The Well-being of Future Generations (Wales) Act 2015 & The Built Environment Sector in Wales conference on 24 January brought together the public and private sector to consider the impacts of long-term development and how to create a sustainable legacy for future generations that protects the planet. It also posed the question: should the construction industry in Wales be considered the 45th body to sign up to the Act?
Those attending were given a series of thought-provoking presentations on a range of topics to win hearts and minds – from living with and building for a sustainable future under a changing climate to breaking the vicious circle of blame and building the business case for developing sustainable buildings, environments and places.
We were then invited to consider the seven well-being goals from the perspective of the construction industry and how we could achieve these goals. Each group presented a range of innovative and aspirational solutions, but what was clear, is that it will take a shift change, with the public and private sector working together to achieve a common goal.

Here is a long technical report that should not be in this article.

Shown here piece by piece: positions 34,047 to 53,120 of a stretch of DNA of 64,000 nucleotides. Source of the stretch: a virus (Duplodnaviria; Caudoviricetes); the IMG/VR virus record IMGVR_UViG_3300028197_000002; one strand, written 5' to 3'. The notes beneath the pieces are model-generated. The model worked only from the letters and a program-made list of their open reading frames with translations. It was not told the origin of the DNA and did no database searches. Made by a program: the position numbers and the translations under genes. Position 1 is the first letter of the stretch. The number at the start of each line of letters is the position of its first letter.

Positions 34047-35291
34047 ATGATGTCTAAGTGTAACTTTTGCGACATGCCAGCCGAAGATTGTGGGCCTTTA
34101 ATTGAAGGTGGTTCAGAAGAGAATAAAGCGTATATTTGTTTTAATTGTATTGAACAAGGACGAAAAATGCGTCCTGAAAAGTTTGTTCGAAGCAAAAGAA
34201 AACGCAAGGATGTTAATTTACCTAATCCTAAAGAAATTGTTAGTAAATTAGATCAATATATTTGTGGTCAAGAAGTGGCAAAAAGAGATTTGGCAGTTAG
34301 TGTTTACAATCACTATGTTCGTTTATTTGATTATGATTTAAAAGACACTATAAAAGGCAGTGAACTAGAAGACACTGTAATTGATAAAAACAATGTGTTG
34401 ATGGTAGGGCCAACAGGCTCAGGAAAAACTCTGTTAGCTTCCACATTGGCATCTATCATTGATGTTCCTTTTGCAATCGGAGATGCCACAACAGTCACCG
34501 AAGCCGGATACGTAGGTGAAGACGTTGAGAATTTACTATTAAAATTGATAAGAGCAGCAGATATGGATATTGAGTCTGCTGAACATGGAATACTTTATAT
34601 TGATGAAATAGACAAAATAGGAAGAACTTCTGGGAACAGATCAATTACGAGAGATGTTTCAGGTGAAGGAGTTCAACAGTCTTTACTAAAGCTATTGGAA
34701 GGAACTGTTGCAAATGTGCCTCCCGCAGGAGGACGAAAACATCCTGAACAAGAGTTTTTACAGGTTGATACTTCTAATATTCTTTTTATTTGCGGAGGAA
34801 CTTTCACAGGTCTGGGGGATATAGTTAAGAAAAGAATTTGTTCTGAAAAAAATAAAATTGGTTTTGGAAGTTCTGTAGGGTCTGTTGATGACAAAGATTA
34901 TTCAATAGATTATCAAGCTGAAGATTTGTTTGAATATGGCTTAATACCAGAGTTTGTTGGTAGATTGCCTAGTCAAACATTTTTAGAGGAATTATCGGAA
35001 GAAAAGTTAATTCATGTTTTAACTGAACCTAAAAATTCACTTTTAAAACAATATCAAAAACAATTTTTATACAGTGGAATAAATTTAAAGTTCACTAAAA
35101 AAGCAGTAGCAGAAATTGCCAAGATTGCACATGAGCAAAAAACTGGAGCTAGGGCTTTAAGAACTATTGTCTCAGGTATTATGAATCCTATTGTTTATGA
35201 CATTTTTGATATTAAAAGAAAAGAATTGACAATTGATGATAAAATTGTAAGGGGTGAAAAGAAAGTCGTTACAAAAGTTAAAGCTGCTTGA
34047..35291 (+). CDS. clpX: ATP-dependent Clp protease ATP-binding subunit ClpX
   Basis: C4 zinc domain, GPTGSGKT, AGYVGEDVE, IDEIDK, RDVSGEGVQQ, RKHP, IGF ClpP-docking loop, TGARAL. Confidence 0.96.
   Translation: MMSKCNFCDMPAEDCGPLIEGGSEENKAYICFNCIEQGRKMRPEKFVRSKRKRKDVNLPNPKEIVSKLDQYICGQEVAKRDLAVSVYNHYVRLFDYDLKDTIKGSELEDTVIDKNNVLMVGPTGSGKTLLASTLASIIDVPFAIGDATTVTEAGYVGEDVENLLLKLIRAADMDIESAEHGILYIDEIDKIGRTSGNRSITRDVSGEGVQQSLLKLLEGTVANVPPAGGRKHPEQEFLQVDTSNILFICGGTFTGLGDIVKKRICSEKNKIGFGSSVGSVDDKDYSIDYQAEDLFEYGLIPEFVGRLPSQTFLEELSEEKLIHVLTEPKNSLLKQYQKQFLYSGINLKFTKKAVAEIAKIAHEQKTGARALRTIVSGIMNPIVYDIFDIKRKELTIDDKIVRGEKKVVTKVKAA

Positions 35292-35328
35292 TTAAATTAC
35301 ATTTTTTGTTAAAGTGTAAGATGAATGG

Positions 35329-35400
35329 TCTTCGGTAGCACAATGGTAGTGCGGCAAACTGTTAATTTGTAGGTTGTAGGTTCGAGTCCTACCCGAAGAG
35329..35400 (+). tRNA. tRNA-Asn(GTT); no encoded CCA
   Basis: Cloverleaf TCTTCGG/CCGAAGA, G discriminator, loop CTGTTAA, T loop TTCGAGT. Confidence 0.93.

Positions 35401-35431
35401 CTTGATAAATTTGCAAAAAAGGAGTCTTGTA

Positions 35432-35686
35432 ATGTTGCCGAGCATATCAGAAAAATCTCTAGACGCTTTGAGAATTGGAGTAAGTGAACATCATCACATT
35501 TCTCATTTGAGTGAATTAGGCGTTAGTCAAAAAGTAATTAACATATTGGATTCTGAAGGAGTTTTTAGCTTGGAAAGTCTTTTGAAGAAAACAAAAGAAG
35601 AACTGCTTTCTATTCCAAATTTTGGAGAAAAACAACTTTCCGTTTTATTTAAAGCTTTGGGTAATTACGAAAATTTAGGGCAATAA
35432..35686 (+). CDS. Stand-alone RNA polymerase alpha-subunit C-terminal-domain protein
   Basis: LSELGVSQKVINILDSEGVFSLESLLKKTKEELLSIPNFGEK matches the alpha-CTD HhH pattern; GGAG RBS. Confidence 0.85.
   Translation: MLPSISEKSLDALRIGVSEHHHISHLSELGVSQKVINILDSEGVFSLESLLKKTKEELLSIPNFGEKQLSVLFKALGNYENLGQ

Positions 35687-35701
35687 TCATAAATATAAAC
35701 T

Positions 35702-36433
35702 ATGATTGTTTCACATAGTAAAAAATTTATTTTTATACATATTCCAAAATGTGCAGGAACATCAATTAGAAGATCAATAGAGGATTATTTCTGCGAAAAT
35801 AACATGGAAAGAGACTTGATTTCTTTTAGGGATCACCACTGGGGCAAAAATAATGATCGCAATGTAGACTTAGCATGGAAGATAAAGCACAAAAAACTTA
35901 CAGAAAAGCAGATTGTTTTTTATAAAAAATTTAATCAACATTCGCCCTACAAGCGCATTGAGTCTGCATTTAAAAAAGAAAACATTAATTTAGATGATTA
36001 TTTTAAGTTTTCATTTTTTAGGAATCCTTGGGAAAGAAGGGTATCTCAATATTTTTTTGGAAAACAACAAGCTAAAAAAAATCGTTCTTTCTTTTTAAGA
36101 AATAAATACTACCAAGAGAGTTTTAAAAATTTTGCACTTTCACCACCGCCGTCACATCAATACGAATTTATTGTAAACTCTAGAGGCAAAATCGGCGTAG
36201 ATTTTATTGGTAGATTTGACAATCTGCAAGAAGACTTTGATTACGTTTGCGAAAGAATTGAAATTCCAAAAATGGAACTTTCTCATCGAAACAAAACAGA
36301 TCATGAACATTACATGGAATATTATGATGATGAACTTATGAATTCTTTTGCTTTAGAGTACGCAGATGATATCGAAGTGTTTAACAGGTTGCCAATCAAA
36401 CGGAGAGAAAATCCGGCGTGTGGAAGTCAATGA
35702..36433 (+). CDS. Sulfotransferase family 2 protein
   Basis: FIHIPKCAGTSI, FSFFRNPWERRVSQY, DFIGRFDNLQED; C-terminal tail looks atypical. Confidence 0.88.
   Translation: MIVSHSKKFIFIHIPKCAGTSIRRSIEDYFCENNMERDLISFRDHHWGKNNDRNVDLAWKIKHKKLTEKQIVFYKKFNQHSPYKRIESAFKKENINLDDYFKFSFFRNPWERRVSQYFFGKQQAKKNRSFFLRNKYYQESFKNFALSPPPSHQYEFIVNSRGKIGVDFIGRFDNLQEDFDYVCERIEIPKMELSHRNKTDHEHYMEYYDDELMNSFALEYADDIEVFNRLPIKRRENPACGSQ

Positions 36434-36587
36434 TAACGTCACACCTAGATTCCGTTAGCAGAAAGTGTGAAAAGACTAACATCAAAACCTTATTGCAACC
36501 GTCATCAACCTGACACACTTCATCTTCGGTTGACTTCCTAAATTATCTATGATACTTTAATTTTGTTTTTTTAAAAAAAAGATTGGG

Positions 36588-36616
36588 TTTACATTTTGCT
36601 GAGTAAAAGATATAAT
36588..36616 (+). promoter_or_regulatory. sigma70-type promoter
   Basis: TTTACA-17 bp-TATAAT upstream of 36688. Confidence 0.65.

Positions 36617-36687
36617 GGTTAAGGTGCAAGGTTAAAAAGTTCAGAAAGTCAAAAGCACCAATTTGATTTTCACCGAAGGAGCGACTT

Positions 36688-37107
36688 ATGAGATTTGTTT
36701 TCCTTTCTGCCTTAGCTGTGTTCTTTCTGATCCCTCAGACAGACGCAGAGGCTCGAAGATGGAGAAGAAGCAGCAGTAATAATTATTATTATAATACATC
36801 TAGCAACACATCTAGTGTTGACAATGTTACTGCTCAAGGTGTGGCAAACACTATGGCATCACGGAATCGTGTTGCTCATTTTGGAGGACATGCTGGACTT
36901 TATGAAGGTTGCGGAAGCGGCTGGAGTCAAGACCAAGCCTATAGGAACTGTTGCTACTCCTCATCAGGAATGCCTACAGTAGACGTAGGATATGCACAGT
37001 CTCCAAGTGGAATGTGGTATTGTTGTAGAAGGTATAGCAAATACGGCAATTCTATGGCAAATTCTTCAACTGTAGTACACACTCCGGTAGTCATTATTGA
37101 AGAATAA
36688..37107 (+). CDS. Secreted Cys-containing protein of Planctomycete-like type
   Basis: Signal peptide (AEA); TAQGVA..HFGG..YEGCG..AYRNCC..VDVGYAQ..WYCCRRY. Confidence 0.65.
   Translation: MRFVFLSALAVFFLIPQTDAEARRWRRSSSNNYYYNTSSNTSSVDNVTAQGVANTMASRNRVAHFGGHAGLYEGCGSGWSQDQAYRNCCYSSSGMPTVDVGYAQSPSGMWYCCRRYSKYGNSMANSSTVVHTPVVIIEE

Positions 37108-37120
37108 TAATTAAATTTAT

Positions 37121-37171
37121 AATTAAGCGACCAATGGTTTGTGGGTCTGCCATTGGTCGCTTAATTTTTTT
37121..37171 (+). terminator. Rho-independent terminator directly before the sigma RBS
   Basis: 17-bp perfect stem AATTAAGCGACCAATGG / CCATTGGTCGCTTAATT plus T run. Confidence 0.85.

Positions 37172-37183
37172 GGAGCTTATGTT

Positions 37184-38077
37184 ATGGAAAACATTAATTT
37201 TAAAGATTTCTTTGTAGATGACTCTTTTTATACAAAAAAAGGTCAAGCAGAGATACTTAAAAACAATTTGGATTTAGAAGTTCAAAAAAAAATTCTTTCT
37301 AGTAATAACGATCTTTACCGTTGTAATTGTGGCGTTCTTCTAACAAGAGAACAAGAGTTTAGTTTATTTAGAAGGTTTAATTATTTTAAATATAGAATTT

In response to the difficulties experienced trying to effectively engage local communities, Sophie Howe, Future Generations Commissioner for Wales, stressed the need to be willing to invest in a long-term commitment to an iterative process that provides feedback on how people have influenced change.
It will be interesting to see how the construction industry responds to the Act, but it’s clear that over time there will be a need and an expectation that new developments in Wales are mindful of the well-being goals.
Jo Hatton Jones, Director